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Uttarakhand HC sets aside President’s Rule “The Court has upheld the disqualification of rebel Cong. MLAs”

1. There is National emergency already in whole of India, or in the whole or any part of the state.

2. Election commission certifies that elections can not be conducted in the concerned state. Although, President’s rule can be revoked anytime by the President and it does not need Parliament’s approval.

Most often, until the mid-1990s, it was imposed in states through abuse of the authority of Governors in collusion with the federal government. However, following a landmark judgment by the Supreme Court of India in March 1994, such abuse has been reduced drastically.

Criticism:

Though the Division Bench of Chief Justice K.M. Joseph and Justice V.K. Bisht, hearing the case challenging President’s Rule in Uttarakhand, initially decided to reserve its order, it gave its verdict on Thursday, following apprehensions voiced by the counsel for Harish Rawat that the Centre might revoke President’s Rule and try and get the BJP to form a government. Earlier, the Bench slammed the Centre for allegedly planning to revoke President’s Rule before the verdict. Chief Justice Joseph said: “We are pained that the Central government can behave like this. How can you think of playing with the court?” “If they [the Centre] revoke Article 356 and try and form a [BJP] government [in Uttarakhand]… what is it but a travesty of justice?” he said. Though the arguments in the case had concluded on Wednesday, the Centre had requested the Bench for time until Thursday to furnish details on suspended BJP leader Bhim Lal Arya. The Centre had used his “delayed suspension” to allege that the Speaker had indulged in “double standards.” He had suspended the nine Congress MLAs but ‘delayed the suspension’ of Mr. Arya. The Bench said: “The Centre submitted that what was said on B.L. Arya and on the Speaker’s double standards was a mistake. What was hotly contested by Attorney General [Mukul Rohatgi earlier] was completely non-existent material. We are in fact shocked that a decision taken at the highest [President’s] level was not done with due care. It was blatant falsehood [committed by the Centre].” Considering that the petitioner, Mr. Rawat, was deprived of an opportunity to prove his majority in the House, the court ordered that a floor test must be held on April 29. However, during the hearings, allegations of corruption had been raised against Mr. Rawat on the basis of a sting operation showing that he tried to bribe the nine rebel Congress MLAs. Though the court gave Mr. Rawat a chance to prove his majority, it did take a tough stance on corruption allegations. However, relief could not be denied (to Mr. Rawat) on allegations of corruption, the court maintained. “It [the current situation] has to be seen in the larger canvas of democracy, federalism and rule of law.” The court said that it was “of the view that be it suspension [of Uttarakhand Assembly] or dissolution, the effect is the toppling of a democratically elected government. Such decisions breed cynicism in the hearts of people who voted a government to power.” Disqualification of the rebel Congress MLAs, and horse-trading allegations against Mr. Rawat were not relevant enough reasons for invoking the “draconian 356”, the court said. ‘Constitutional sin’ Commenting on the nine rebel MLAs who stood against their own party on March 18, the court said, “It’s a constitutional sin to defect.” Referring to a Supreme Court order, the High Court Bench said that if one defected, one shall bear the consequences.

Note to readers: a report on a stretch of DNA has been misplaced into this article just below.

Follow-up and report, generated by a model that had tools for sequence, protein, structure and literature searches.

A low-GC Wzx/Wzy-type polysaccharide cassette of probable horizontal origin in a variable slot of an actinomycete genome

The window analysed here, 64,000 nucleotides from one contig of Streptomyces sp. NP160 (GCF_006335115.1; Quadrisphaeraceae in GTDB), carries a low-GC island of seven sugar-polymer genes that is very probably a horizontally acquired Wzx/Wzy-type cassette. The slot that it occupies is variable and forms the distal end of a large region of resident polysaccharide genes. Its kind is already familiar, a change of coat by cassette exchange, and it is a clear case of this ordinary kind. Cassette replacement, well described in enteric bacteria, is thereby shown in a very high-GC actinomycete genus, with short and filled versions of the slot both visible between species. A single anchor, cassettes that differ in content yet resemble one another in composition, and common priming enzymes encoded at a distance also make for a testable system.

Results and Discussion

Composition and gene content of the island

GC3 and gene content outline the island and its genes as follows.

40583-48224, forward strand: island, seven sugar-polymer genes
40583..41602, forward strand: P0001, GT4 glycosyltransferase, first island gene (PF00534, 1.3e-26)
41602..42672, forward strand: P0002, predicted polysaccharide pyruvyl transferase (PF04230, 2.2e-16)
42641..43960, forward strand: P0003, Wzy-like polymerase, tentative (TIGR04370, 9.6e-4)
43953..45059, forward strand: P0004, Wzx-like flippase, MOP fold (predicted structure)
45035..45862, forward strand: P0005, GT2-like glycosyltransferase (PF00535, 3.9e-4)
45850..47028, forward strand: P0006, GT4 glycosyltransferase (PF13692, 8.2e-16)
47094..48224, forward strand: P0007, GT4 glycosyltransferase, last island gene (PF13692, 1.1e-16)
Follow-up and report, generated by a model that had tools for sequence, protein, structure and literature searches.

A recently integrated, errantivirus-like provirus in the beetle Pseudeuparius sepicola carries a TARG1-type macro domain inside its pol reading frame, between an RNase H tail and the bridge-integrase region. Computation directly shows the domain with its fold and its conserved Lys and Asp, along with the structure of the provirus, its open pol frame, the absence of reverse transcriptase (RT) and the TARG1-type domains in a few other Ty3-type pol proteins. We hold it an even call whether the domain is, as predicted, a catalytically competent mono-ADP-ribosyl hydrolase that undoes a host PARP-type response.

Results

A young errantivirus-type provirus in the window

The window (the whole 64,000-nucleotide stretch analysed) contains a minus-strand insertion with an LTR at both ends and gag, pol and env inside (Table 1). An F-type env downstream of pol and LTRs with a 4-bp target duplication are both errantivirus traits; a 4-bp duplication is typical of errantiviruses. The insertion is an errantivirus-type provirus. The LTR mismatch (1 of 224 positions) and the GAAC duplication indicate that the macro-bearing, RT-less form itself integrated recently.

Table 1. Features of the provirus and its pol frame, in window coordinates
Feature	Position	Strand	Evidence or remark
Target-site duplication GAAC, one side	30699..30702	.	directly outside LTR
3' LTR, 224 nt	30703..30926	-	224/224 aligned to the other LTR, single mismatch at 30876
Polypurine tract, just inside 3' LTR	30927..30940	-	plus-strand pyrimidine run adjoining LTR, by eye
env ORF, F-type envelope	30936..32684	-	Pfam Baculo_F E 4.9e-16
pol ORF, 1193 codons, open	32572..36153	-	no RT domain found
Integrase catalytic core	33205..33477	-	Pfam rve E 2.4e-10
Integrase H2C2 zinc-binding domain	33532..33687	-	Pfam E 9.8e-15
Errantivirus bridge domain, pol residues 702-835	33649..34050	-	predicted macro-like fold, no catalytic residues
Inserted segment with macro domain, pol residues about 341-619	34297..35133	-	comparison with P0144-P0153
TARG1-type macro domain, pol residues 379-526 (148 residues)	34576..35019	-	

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Amit Singh

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